Boylan, highly-decorated war veteran and architect of GMC's 180, passes away at 87
When Gen. Peter Boylan first became president of Georgia Military College in 1992, there were plenty of cracks in the foundation.
Literally and figuratively.
There were cracks in the road through campus, cracks in the sidewalks and even cracks in the buildings, most notably the Old Capitol Building, which was deteriorating and fading fast after years of neglect. To compound matters, the school's financial situation was extra shaky. There were problems meeting payroll, and sometimes teachers and employees wondered if they'd get a paycheck.
Fast forward 30-something years. The Old Capitol Building, which now looks like something straight from a postcard, is flanked by new and modern buildings seemingly everywhere. On top of that, GMC's community college footprint is expansive, with 15 different campuses around Georgia. GMC even offers four-year bachelor's degrees these days.
The man primarily responsible for GMC's 180 – Gen. Peter Boylan – passed away on Sunday morning. Boylan, 87, was surrounded by family at his Lake Sinclair home, according to a GMC press release.
It's fairly fitting that Boylan passed away on Veterans Day Weekend. He was a West Point cadet, highly-decorated Vietnam War veteran and later a West Point instructor. Boylan, a paratrooper, was shot numerous times during a combat mission in Vietnam and nearly bled out. Following a prolonged recovery, instead of returning home, he jumped right back into combat action. In his later years, Boylan walked with a very pronounced limp and hunched-over posture, a result of jumping out of one too many airplanes during his time in the military.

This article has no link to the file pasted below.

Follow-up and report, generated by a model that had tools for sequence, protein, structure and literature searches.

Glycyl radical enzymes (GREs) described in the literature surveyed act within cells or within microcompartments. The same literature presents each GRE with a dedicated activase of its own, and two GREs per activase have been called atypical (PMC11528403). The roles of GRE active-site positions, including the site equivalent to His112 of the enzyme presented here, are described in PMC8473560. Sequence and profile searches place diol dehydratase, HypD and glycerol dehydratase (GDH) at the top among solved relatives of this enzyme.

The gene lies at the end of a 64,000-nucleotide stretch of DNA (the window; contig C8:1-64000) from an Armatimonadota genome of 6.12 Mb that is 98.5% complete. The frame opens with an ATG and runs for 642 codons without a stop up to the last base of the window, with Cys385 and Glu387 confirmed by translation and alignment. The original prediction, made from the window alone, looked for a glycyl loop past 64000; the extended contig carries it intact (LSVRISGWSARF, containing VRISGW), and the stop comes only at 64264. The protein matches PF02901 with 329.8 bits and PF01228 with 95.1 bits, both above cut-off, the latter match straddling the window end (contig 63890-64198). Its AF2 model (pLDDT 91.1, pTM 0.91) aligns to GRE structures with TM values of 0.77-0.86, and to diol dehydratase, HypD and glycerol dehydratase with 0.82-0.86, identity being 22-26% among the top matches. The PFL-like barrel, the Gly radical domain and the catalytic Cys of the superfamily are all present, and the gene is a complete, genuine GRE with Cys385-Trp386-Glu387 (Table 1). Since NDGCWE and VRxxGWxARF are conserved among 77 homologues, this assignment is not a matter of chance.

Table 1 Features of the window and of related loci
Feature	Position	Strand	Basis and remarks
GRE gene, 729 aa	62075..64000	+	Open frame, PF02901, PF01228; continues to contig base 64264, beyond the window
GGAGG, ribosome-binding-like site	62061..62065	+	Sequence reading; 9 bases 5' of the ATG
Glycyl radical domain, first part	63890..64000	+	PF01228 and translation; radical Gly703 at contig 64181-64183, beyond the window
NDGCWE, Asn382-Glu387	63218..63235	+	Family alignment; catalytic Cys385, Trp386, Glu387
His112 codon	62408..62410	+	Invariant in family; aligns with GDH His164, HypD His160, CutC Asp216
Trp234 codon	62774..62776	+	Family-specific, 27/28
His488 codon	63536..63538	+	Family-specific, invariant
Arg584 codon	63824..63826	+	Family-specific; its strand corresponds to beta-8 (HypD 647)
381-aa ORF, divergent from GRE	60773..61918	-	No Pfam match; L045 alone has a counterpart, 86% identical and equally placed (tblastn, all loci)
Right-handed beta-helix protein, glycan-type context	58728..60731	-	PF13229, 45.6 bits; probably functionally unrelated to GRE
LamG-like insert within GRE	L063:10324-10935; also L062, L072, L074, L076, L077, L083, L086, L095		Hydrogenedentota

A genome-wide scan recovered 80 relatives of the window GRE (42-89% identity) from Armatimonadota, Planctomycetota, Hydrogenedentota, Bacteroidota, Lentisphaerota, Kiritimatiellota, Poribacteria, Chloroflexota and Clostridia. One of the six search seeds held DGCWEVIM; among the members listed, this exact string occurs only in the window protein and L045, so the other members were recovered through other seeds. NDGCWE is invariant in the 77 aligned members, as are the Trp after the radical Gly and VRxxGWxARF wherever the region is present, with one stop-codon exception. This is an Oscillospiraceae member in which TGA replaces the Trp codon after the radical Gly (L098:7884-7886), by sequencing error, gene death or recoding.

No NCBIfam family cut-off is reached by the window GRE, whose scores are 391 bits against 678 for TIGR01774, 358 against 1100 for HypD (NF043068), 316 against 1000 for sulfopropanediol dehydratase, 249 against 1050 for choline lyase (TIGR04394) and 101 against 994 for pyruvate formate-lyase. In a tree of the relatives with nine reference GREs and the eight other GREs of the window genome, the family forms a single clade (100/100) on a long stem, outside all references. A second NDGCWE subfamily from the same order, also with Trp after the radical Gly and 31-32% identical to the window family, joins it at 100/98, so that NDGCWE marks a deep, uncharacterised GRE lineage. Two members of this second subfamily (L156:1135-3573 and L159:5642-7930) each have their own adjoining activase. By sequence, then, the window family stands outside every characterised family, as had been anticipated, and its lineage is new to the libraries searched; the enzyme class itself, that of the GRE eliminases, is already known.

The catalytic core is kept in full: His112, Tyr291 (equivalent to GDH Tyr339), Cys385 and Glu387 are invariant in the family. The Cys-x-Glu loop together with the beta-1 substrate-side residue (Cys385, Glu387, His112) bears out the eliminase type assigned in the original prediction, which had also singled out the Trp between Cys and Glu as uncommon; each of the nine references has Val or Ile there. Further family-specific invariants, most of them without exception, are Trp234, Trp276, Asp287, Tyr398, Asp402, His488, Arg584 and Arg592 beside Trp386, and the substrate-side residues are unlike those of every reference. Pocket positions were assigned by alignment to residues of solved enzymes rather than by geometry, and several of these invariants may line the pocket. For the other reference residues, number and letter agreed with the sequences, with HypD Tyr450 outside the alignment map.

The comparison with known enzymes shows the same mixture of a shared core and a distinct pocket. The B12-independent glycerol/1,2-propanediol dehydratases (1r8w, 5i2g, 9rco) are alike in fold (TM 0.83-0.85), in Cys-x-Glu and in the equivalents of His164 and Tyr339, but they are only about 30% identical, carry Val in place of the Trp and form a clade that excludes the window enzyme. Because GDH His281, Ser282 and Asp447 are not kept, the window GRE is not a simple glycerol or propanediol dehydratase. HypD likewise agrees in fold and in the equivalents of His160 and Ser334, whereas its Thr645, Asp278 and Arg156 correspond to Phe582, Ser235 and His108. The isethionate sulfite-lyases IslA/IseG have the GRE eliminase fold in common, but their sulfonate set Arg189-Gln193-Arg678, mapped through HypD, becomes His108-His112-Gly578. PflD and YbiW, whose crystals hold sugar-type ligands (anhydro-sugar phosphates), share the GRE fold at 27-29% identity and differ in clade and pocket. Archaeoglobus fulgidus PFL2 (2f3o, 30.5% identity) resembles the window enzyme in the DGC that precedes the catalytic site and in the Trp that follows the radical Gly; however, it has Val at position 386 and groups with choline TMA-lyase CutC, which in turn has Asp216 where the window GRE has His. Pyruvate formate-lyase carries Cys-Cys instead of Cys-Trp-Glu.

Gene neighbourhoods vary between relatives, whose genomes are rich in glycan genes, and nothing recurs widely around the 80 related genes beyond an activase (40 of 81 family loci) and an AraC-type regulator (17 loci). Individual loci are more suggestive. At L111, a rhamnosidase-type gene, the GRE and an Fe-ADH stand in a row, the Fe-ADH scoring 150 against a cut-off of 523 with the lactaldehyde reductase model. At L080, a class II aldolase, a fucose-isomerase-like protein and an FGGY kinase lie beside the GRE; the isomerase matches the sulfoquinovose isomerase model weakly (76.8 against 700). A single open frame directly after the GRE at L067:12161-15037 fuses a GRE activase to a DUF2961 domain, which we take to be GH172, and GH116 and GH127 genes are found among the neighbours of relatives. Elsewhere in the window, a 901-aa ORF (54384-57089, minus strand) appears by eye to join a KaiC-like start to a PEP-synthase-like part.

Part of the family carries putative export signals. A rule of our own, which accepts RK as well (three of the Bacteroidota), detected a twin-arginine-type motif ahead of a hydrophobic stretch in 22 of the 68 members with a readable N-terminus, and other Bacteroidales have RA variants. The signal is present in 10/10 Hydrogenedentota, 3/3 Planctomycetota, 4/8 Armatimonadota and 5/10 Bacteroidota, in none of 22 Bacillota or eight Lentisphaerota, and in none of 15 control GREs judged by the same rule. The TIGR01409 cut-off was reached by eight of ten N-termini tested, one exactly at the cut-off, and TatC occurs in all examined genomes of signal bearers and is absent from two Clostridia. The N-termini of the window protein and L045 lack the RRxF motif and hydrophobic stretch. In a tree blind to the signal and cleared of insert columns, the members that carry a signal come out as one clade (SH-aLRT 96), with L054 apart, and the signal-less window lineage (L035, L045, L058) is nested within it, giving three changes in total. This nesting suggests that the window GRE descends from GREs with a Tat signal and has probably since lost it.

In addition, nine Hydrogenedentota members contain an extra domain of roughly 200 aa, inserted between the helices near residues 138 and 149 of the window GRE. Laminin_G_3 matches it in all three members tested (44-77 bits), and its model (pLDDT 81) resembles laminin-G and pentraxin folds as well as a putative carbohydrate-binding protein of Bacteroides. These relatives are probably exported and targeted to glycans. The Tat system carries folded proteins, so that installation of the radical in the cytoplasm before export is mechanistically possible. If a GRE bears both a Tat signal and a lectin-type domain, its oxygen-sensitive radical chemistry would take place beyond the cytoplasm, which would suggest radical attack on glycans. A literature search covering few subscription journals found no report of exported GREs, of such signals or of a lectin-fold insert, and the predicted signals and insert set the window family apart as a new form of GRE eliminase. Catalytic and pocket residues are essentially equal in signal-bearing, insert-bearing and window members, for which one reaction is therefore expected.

Boylan later took part in the Grenada Invasion before retiring from the Army and taking a job as president of a struggling military school in middle Georgia. It was a long way from his boyhood home in Portage, Wisc., where he acquired the thick midwestern accent that he never lost.
After spending countless hours around the state capitol building in Atlanta and hounding lawmakers, Boylan eventually got GMC's financial house in order, including a $21 million revocation on the Old Capitol Building. Old buildings were torn down and replaced with new ones, and GMC went from surviving to thriving.
Boylan also was one of the key players in the creation of the Oconee River Greenway, some of which sits on GMC property. Boylan once again did his magic in Atlanta, securing funds and cutting through bureaucratic red tape.
Following his retirement in 2013, despite being in substantial pain, Boylan continued to volunteer around the community. Serving on the local hospital board, Boylan helped turn around the hospital now known as Atrium Health Navcient Baldwin, which was on life support and not doing great financially there for several years.
In other words, between his work at GMC, the Greenway and the local hospital, perhaps no other person has made more of a profound and positive impact on Baldwin County in the last 30-something years.
Boylan was an especially charismatic man and knew how to work any room, but he also had a very low tolerance for BS. Even in his later years as president, when he walked with a cane and mainly got around in a golf cart, it was clear who was in charge around campus.
Boylan cared deeply for his country, and he cared deeply for Milledgeville.
Williams Funeral Home has charge of arrangements, which are pending.